majority believe it’s true so it must be true”. To the rational mind, such reasoning is unreasonable. But to the people holding those beliefs, it seemed perfectly natural, at least at the conscious level. I suspect that often beneath the conscious level there were doubts. That’s why people holding such beliefs would get angry when someone else disagreed with them. If they truly believed what they claimed they believed, they would not be disturbed or feel threatened simply because someone disagreed with them. At the very least they should have been happy to listen to their opponents’ ideas without ridiculing them. Here is another familiar example. A couple hundred years ago, Europeans arrived and claimed to take this land for themselves. The basis of the claim was terra nullius – ‘land belonging to no one’- a legal doctrine in (European) international law. As such, it amounted to little more than “It’s the right thing because we say so”. Quite ridiculous logic, as the High Court found in 1992. Most people today know that is ridiculous. Do people still use the logic of “It’s true because I say so” today? I believe so, and I will come back to this shortly. Consider another example, a favourite of mine. In the 1800s, Dr Semmelweis suggested to doctors that by washing their hands they could reduce risks to mothers giving birth. He was criticised and ridiculed for his beliefs. Many mothers’ lives were saved because Semmelweis dared to suggest a new practice that made him unpopular. But many mothers lost their lives after giving birth because their doctors refused to let go of their old familiar and cherished belief that they did not need to wash their hands. Refusing to let go of beliefs, therefore, potentially can be lethal. I write this opinion piece because it is the beginning of a new year, we have a new government, and there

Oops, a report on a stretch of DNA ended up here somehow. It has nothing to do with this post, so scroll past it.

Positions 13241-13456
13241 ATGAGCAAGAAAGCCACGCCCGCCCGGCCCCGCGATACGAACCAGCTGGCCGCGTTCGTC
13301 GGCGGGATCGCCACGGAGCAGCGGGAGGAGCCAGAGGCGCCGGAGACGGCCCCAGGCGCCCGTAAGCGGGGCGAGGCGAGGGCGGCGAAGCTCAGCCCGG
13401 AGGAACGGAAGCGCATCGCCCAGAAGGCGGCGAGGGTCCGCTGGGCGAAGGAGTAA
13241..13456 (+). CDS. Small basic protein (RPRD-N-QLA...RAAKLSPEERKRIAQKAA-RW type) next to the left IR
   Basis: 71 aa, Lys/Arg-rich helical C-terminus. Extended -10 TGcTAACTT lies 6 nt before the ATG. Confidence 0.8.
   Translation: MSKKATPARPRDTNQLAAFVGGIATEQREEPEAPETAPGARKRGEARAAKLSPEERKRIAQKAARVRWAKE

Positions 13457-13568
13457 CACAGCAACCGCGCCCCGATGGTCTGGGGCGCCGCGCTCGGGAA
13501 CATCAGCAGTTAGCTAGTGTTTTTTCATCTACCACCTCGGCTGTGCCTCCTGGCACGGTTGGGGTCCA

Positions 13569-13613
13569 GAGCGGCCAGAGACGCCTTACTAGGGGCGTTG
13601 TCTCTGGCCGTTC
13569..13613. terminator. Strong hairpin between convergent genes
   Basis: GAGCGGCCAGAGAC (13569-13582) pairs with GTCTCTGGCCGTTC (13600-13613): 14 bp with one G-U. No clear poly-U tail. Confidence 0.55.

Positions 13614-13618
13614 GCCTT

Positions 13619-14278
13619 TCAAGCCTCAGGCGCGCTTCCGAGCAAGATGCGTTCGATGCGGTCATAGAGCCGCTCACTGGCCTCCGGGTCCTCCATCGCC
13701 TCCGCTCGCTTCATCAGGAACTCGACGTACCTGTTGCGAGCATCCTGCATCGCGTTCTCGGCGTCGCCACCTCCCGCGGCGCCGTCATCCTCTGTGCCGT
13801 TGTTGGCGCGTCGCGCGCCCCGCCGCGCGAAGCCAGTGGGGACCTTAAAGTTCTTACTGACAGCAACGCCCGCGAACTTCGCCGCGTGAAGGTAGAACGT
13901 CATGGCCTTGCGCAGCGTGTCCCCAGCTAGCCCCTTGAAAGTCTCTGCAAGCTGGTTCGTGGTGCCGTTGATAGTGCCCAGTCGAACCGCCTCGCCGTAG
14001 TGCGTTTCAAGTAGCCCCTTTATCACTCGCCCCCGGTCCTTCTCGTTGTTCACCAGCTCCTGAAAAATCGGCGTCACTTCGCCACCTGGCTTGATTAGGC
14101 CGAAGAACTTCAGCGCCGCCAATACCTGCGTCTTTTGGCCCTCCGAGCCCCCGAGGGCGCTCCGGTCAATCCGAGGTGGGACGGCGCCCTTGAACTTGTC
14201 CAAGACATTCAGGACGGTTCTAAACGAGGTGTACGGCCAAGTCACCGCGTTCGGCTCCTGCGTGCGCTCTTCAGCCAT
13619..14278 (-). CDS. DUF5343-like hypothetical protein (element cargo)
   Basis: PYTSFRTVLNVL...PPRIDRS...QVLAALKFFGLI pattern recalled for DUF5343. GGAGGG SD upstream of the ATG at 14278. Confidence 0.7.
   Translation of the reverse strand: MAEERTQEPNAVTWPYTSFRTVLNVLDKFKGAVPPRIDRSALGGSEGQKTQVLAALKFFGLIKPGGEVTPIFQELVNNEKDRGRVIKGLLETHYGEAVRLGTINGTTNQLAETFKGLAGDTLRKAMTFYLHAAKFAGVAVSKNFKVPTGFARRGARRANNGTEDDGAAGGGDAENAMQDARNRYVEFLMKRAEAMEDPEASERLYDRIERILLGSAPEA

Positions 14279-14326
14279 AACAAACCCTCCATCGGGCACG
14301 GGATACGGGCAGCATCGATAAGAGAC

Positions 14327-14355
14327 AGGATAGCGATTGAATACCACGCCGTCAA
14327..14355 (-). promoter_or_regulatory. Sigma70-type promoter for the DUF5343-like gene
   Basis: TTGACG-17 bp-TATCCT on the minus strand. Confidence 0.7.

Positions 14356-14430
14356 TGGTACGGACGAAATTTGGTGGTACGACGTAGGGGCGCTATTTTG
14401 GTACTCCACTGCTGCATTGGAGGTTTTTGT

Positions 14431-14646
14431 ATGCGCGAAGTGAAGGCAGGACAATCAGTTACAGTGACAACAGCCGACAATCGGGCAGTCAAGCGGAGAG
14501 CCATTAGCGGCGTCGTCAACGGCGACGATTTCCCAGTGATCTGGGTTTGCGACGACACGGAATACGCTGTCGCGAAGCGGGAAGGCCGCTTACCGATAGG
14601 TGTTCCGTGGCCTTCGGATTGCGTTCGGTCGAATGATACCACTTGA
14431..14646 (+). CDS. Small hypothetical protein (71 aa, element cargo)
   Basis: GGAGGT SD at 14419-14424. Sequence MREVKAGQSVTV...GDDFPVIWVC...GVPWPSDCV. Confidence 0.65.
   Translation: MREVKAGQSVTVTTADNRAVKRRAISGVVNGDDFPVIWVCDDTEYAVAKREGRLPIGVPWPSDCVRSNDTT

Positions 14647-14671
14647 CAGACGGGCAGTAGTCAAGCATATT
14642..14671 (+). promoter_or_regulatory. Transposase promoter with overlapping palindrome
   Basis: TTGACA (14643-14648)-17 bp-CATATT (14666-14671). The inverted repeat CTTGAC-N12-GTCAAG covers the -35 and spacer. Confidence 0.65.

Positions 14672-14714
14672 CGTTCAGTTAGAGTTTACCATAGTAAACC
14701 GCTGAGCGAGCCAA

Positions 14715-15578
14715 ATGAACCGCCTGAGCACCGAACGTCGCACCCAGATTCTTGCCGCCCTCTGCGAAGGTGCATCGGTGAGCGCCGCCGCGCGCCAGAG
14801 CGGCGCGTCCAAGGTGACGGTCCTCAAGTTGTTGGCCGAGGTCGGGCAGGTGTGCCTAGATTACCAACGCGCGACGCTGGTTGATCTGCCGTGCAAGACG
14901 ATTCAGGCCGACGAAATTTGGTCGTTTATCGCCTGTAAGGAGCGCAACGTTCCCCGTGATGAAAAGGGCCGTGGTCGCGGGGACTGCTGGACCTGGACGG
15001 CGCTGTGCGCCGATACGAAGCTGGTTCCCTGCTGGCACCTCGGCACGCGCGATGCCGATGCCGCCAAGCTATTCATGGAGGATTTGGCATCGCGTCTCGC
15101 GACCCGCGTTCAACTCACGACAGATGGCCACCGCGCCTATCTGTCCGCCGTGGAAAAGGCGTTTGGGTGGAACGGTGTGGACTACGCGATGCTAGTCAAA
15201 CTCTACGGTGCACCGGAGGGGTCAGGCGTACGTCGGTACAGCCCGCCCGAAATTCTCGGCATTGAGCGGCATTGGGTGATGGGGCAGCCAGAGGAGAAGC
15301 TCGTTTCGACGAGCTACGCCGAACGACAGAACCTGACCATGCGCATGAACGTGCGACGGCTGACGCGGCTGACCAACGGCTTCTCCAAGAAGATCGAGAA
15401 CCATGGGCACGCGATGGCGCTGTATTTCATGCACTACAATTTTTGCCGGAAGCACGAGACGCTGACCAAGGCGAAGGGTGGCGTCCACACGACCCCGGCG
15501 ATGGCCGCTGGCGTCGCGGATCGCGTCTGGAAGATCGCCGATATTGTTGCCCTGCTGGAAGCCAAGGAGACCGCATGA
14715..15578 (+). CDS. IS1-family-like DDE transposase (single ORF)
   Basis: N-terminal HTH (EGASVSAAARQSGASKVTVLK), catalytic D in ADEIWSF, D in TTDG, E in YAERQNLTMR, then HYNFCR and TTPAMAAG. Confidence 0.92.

are many decisions to be made about Aboriginal issues. I suggested earlier that the logic of “It’s true because I say so” is still used today. I see it used among people discussing Aboriginal issues. People make a claim and offer very little evidence to substantiate their claim other than “Because I say so”. Sometimes it is Aboriginal people refusing to listen to the ideas of other Aboriginal people. Are they any better than the invaders who decided that what they did was right simply because they felt it was right? I think back to Semmelweis at how sad and tragic it was that his peers derided him because they did not want their existing beliefs challenged. Semmelweis’s beliefs were based on sound observation and his desire to help patients. What were the motives of his peers? Why would they not at least give his ideas a go? His peers thought he was losing his mind (I know how he must have felt from receiving such criticisms). In his ‘honour’ the term ‘Semmelweis effect’ is used for the reflex-like tendency to reject new ideas because they contradict established beliefs. It has been interesting, though hardly surprising, to see some Indigenous people (whom the media call leaders but they don’t call themselves leaders) cop much criticism simply because they dared to suggest a new idea that ran counter to the established view which is held by the majority. As happens. I pity and admire an Aboriginal person entering politics. To get things done will mean making unpopular decisions; it will mean challenging the cherished beliefs of many. There are many examples in Aboriginal affairs where new ideas are offered that would challenge the current dominant beliefs. As but one example, consider the popular belief that a necessary prerequisite for addressing the problems facing